Besides these passive thermal control systems the ACES might also utilize a two stage turboBrayton cryocooler.

"This design was based on the Creare NICMOS cooler that has been flying on the Hubble Space Telescope for the last ~4 years. The turboBrayton cycle uses GHe as the working fluid and this cooled gas can be easily distributed to the loads (i.e. the 22K and 95K shields). The ACES cryocooler configuration, shown in Figure 3-1, has 3 compressors in series and 2 expansion turbines in parallel, one for the 22K load, and one for the 95K load".

In this ULA pdf an ACES 41 propellant tanker has 5 tonnes dry mass and 41 tonnes propellent. I will be much more conservative in my hypothetical reusable EDS. A Centaur has 2.25 tonnes dry mass, 21 tonnes propellent and 99.2 kilo newtons. I will use the same but boost the dry mass to 5 tonnes for MLI, cryocooling, solar arrays, etc.

Specs for Hop's EDS

5 tonnes dry mass

21 tonnes hydrogen/oxygen

99.2 kilo newtons thrust

After the EDS sends the payload on its way, it will need 1 km/s of propellent of delta V to return to EML2. Exhaust velocity of hydrogen and oxygen is about 4.4 km/s. Exp(1/4.4) - 1 is about .255. To get back the EDS' 5 tonnes of dry mass we'd need 1.3 tonnes of propellent.

So for the first leg of the trip we have (21 - 1.3) tonnes of propellent or 19.7 tonnes. The first leg is also a 1 km/s delta V budget. With a 1 km/s delta V budget, 19.7 tonnes of propellent can do 19.7tonnes/.255. That's about 77 tonnes. But recall 6.3 tonnes is EDS dry mass plus propellent for the return trip. That's (77 - 6.3) tonnes of propellent available for payload. Let's call that 70 tonnes.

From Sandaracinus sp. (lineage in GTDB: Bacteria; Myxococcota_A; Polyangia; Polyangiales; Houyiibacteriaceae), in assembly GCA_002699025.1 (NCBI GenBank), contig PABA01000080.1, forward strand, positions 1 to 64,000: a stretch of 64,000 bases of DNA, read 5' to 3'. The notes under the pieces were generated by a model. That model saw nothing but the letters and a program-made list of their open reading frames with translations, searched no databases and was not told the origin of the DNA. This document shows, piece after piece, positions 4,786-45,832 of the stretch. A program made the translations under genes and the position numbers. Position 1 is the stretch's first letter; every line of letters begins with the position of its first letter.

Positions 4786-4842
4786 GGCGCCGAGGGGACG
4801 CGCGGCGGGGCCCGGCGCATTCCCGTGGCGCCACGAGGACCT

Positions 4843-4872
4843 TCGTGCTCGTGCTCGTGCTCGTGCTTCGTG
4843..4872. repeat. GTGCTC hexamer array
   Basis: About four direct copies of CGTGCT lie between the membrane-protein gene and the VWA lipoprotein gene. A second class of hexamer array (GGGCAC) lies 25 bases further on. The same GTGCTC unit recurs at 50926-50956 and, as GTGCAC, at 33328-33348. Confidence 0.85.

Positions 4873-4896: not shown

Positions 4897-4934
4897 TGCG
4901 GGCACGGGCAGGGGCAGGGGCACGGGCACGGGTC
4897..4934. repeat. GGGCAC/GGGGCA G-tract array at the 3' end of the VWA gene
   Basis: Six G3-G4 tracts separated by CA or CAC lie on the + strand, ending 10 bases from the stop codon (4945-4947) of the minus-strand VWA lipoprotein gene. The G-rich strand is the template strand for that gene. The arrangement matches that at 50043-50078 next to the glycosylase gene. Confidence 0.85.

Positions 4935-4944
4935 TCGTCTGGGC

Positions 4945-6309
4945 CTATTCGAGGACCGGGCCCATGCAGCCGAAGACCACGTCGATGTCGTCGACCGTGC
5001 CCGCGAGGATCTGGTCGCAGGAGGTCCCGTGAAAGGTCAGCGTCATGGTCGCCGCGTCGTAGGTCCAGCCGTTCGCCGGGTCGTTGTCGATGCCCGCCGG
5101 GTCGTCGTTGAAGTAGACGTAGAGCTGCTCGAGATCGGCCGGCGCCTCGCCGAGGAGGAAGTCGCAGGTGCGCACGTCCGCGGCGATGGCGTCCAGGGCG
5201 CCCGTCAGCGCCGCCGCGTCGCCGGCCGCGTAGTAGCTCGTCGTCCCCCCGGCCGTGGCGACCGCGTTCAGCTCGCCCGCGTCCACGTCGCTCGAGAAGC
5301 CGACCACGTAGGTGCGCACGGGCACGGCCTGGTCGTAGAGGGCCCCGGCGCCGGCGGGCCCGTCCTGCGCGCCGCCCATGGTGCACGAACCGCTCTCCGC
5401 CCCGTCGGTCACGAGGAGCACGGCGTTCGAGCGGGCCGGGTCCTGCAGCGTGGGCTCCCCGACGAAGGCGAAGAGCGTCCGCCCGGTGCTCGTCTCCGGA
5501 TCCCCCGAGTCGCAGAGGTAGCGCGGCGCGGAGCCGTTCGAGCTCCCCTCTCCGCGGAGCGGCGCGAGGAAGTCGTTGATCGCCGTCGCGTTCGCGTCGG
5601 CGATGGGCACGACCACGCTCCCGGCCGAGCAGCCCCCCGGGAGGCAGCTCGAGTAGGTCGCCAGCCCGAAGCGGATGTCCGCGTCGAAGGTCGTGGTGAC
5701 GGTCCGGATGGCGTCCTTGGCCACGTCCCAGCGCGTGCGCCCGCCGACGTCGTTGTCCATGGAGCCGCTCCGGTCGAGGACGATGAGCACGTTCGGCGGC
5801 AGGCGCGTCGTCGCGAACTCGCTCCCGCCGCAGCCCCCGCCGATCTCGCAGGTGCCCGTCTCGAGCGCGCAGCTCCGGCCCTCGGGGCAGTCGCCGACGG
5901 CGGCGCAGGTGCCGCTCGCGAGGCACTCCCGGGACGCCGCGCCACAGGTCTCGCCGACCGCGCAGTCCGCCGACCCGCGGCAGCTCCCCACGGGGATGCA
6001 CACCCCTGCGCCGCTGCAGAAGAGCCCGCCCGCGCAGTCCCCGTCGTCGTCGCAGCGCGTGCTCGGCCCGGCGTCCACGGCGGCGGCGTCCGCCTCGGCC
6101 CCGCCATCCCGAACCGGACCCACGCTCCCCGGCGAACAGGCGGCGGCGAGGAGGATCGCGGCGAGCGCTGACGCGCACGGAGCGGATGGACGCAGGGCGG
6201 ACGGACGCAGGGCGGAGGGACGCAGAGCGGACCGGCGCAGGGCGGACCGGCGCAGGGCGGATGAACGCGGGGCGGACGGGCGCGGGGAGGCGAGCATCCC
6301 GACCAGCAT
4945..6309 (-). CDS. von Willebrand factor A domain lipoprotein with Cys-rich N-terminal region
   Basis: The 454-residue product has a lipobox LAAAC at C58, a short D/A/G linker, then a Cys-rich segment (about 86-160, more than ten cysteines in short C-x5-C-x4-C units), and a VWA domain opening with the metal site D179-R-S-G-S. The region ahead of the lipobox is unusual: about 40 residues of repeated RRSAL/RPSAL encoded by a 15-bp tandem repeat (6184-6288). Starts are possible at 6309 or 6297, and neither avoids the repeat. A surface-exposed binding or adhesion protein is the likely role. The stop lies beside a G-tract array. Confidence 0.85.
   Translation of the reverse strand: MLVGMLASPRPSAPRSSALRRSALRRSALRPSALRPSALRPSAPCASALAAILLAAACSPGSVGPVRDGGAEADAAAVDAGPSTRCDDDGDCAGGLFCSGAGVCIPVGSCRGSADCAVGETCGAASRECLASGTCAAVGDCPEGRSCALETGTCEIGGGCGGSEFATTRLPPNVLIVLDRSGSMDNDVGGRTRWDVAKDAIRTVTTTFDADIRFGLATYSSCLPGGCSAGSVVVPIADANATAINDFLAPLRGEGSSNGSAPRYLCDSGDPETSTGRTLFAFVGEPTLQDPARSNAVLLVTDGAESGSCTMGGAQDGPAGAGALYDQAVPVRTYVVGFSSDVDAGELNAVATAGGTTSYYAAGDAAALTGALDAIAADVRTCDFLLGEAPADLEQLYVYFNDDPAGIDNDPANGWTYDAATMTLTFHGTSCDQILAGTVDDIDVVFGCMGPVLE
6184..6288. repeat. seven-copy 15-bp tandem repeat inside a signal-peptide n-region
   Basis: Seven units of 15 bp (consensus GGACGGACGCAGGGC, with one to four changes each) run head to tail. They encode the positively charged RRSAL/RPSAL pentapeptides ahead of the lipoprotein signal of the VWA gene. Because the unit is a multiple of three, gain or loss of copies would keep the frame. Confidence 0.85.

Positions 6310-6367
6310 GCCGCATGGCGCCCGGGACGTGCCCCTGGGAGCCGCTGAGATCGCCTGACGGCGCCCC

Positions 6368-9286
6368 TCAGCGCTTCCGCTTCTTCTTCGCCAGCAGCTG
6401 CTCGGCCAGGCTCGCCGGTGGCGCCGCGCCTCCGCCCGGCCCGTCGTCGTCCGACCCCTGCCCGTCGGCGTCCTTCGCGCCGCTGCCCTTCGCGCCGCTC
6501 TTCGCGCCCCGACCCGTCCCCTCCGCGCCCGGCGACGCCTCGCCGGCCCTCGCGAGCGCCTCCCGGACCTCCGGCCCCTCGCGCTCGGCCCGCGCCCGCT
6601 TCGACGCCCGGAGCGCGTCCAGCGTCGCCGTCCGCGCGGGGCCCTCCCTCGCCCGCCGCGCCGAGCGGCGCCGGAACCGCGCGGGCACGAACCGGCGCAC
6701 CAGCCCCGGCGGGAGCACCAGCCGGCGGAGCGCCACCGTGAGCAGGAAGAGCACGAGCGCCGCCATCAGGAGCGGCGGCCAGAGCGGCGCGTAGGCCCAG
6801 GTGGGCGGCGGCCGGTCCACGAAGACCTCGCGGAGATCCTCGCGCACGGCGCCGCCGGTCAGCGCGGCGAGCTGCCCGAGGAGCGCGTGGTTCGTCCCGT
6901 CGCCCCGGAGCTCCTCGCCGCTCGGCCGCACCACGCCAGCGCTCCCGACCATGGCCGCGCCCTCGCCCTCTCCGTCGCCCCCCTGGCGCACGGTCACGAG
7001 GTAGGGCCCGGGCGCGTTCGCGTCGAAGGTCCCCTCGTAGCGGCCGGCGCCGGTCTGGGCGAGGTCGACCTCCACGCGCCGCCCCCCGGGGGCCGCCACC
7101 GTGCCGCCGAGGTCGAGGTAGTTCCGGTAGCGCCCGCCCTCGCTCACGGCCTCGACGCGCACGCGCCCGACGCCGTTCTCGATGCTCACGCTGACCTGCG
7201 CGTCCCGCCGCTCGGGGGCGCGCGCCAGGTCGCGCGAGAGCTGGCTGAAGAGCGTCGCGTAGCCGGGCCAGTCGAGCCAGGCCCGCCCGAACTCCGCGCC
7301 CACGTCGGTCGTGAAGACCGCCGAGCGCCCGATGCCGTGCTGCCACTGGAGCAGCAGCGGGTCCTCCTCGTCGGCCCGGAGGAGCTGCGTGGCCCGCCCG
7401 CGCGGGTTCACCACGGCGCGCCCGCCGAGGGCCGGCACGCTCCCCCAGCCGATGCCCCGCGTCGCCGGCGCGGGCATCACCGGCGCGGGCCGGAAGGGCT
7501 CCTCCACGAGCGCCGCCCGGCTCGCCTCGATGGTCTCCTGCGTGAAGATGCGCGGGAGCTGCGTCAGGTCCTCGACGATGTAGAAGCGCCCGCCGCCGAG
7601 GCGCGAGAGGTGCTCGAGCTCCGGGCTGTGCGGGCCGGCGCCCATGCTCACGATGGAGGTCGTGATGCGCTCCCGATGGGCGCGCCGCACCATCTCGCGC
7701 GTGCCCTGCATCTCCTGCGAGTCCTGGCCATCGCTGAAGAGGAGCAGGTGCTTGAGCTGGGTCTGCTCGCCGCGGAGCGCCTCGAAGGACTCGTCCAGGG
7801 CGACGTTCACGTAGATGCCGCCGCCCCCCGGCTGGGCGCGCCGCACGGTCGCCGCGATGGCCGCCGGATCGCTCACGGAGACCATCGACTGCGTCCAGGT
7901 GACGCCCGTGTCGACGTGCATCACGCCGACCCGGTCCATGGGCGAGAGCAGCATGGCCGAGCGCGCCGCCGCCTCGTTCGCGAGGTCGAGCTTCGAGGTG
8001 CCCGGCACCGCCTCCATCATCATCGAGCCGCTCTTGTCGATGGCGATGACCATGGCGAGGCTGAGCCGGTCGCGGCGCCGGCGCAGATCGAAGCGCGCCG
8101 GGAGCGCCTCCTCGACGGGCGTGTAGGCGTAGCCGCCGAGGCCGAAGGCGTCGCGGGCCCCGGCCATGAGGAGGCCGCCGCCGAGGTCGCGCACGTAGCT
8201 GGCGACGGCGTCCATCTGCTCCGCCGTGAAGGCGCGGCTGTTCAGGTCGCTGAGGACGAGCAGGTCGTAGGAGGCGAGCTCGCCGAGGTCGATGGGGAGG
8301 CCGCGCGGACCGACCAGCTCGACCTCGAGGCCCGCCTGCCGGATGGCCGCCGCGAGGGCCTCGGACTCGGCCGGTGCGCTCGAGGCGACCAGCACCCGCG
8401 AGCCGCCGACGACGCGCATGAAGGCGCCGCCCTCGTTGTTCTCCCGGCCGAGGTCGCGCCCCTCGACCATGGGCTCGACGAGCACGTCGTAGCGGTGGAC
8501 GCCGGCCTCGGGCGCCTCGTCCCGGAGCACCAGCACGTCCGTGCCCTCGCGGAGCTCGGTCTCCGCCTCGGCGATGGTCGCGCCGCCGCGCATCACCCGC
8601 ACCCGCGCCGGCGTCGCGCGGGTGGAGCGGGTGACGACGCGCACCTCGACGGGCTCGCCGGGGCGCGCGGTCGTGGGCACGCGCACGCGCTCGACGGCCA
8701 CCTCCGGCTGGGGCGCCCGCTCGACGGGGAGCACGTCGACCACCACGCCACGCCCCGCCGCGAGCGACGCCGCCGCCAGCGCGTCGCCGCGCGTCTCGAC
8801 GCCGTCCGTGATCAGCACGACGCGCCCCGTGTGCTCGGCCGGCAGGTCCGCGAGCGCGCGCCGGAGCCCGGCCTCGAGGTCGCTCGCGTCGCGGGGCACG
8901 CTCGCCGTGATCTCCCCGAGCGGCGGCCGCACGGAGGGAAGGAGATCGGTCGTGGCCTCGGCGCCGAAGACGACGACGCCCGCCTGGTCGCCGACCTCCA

This little EDS could impart Trans Mars Insertion (TMI) to 70 tonne payload. Two of these EDS stages could send a 140 tonne payload on its way to Mars. Wilson and Clarke imagine a Mars Transfer Vehicle (MTV) of 130 tonnes.

Of the MTVs 130 tonnes, about 60 tonnes is propellent and consumables. If propellent, water and air are available from an asteroid or lunar volatiles, it would only be necessary to send the MTV's 70 tonne dry mass to EML2.

Wilson and Clarke also call for two EDS stages (they call them TMS -- Trans Mars Stages). Their stages are 110 tonnes and not reusable.

130 + 2*110 = 350. 350 tonnes to LEO for each (non reusable) conventional MTV. Vs 70 tonnes to LEO for an MTV that relies on extra terrestrial propellent and consumables. And an MTV departing from and returning to EML2 would have a much lower delta V budget. Making the MTV reusable would be much more doable.